If we consider decay time and oscillation period in seconds, essentially the inverse of the quantities plotted here, the slowest decaying real mode has a decay time of 8957 seconds (about 2.5 hours), whereas the unstable complex mode has a growth time of 21.2 seconds and a period of 55.7 seconds. This period is nearly matches the 53 second limit cycle in the animation, which was obtained by direct time integration of the nonlinear equations. Of course the mode does not grow indefinitely; nonlinear effects stabilize its amplitude. I am satisfied the unstable complex eigenmode identified in this linear analysis explains the temporal behavior exhibited by the nonlinear equations.

The slowest decaying real mode is associated with latent heat generated by motion of the growth interface. We can remove this mode by arbitrarily suppressing latent heat generation. The eigenvalues computed using zero shift are shown below left. The effect of this change is to reduce the decay time of the slowest decaying real mode from 8957 seconds to 68 seconds, which is the time scale of thermal transport. Changing the shift to (0.1, ±0.1i) finds the same unstable mode found above, unaffected by suppressing the latent heat.

We can also arbitrarily knock out contributions to the mass matrix, for example those due to the flow equations. In physical terms this implies the flow is held constant while the temperature field is perturbed. The unstable complex mode vanishes when we do this. If we knock out the energy contributions instead, leaving only the flow contributions, the unstable complex mode remains, though its period is shifted to 35 seconds. From this I conclude the instability is primarily hydrodynamic in nature, but strongly modulated by energy transport.

Next let's consider the behavior of the system when the equations are integrated holding the ampoule stationary to represent a true steady state. Below left shows what happens when integration starts from an unperturbed initial state. There is no change in the solution over the duration of the integration, which was much longer than shown in the plot. It might take a very long time for the instability to grow from numerical noise. Below right shows what happens when the initial state is perturbed by a multiple of the leading eigenmode. The solution trajectory immediately begins oscillating at the period of the mode.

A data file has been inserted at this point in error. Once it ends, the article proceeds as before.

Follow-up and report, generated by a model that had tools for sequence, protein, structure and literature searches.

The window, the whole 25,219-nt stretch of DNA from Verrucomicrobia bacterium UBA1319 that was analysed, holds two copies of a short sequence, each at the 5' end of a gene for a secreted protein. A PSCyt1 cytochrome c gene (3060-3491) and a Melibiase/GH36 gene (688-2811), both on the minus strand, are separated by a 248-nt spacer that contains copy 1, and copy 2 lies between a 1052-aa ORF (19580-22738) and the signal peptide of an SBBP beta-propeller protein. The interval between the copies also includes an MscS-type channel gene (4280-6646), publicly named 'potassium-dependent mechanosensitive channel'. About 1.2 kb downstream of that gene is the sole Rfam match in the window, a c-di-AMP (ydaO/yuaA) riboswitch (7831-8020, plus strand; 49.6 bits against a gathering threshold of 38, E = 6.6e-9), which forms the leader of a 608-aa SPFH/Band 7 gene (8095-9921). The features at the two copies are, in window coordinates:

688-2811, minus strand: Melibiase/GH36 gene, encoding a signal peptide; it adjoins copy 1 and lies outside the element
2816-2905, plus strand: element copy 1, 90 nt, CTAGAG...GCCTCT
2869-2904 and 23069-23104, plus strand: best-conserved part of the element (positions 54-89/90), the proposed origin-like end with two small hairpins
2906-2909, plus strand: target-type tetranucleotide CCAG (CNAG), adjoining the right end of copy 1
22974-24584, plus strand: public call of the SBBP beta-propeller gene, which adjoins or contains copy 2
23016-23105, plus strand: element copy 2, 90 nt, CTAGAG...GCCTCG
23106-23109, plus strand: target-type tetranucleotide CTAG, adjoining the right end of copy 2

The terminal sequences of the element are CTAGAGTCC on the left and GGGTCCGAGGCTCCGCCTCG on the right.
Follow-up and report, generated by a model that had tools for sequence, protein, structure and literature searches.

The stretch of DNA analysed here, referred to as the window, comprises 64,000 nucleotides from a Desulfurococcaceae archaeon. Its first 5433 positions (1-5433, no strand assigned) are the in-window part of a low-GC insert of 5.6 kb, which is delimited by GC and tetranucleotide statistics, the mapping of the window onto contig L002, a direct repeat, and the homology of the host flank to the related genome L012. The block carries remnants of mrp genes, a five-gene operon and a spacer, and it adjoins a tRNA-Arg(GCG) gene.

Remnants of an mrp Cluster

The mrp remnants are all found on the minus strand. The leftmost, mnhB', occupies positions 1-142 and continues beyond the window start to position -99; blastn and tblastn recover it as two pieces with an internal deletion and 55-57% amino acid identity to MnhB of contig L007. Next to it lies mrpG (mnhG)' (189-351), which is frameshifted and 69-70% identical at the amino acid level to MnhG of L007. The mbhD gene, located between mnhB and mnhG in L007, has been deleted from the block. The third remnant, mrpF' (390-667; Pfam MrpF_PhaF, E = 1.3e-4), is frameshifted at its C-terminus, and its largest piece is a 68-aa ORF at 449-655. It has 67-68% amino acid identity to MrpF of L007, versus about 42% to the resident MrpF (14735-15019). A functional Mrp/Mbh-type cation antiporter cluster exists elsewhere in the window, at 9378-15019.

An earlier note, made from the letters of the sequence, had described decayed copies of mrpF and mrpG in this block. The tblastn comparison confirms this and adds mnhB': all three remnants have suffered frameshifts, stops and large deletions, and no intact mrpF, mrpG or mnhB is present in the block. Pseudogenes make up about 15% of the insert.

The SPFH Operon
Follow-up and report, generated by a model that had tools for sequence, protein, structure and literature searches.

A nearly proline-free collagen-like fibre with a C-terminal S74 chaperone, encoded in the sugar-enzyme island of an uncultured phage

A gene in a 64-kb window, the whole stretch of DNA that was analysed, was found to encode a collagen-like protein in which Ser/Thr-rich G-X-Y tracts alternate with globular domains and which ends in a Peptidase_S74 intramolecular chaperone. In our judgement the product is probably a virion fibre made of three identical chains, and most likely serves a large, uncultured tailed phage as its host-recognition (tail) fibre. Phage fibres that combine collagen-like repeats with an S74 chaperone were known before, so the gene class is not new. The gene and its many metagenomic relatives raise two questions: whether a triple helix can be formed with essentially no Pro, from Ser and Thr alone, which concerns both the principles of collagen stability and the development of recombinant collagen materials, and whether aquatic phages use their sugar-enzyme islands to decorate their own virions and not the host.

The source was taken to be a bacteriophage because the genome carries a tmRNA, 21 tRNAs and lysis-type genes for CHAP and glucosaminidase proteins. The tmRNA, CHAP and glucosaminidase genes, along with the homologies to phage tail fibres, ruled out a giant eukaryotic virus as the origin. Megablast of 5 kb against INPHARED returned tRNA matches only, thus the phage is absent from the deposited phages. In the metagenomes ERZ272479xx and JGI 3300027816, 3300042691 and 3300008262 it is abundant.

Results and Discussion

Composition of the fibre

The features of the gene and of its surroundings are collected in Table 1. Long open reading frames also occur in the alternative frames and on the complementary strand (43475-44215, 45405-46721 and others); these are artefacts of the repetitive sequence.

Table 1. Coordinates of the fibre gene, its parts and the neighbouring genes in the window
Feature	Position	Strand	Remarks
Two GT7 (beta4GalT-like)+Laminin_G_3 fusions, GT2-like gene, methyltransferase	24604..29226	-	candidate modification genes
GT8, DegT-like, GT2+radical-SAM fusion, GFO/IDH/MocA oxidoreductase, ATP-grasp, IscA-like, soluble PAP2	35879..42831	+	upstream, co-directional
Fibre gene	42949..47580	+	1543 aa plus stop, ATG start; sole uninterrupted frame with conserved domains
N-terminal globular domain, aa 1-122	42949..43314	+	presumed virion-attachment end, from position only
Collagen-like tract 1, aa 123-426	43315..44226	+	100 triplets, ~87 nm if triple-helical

Below left shows what happens when integration starts from an unperturbed initial state with the ampoule translating at 1 mm/hour. The simulation is now inherently time-dependent, essentially a batch process, but interface motion is slow enough to expect quasi-steady flow at each time step. Nevertheless, the slight deviation from a true steady state is enough to seed the instability quickly. Below right shows that perturbing the initial state by the leading eigenmode sets off the instability immediately.

The period is unaffected by interface motion over the five minutes of time integration plotted here, but over a longer period of time the ampoule moves into a more stable thermal environment in the lower part of the furnace, allowing the solution to stabilize. The plot of time step size shown in my "Breaking bad" entry below indicates that this happens after about an hour of growth. I've plotted the amplitude of the velocity versus time below to show how the oscillatory mode fades away after which the system exhibits quasi-steady behavior.

These integrations were performed using the trapezoid rule with a step size of 0.25 seconds. Here are some additional calculations I've done to ensure this step size is small enough to accurately capture the period and amplitude of the limit cycle.

When the flow stabilizes we can test whether the leading mode has crossed the imaginary axis back into the left half plane. The growth rate and period plotted below predict that the solution stabilizes after about 56 minutes, with a period of 43 seconds. The actual period obtained from the time integration, shown below right by the open circles, is 41.5 seconds at the time of stabilization. Strictly speaking the linear analysis is not valid when applied to a non-stationary solution, but the oscillation is small at 56 minutes, and has nearly vanished at 60 minutes, where the predicted period agrees nearly perfectly with the measured period.

A curvature of 2300 K/m^{2} in the parabolic temperature profile was used in these studies. We can adjust the curvature to find the point at which the initial steady state becomes unstable. The plots below show how the growth rate and period of the leading eigenmode vary as the curvature is increased from 2260 to 2330. The leading eigenmode crosses the imaginary axis at curvature equal to 2283, past which its growth rate is positive. Its period is 43.2 seconds at the crossing, rises to nearly 60 seconds, then falls slightly before solution convergence is lost entirely at curvature equal to 2332.

Beyond a curvature of 2332 only time dependent solutions exist. The animation shown at the top of this page is a strongly time dependent flow that I computed using a more sharply curved blue profile with curvature equal to 3000. Because no steady state exists for this profile, it was necessary to integrate the equations starting from a quiescent flow. Within a few minutes of simulated time a quasi-periodic flow emerges, but with much shorter period than here, around 12 seconds.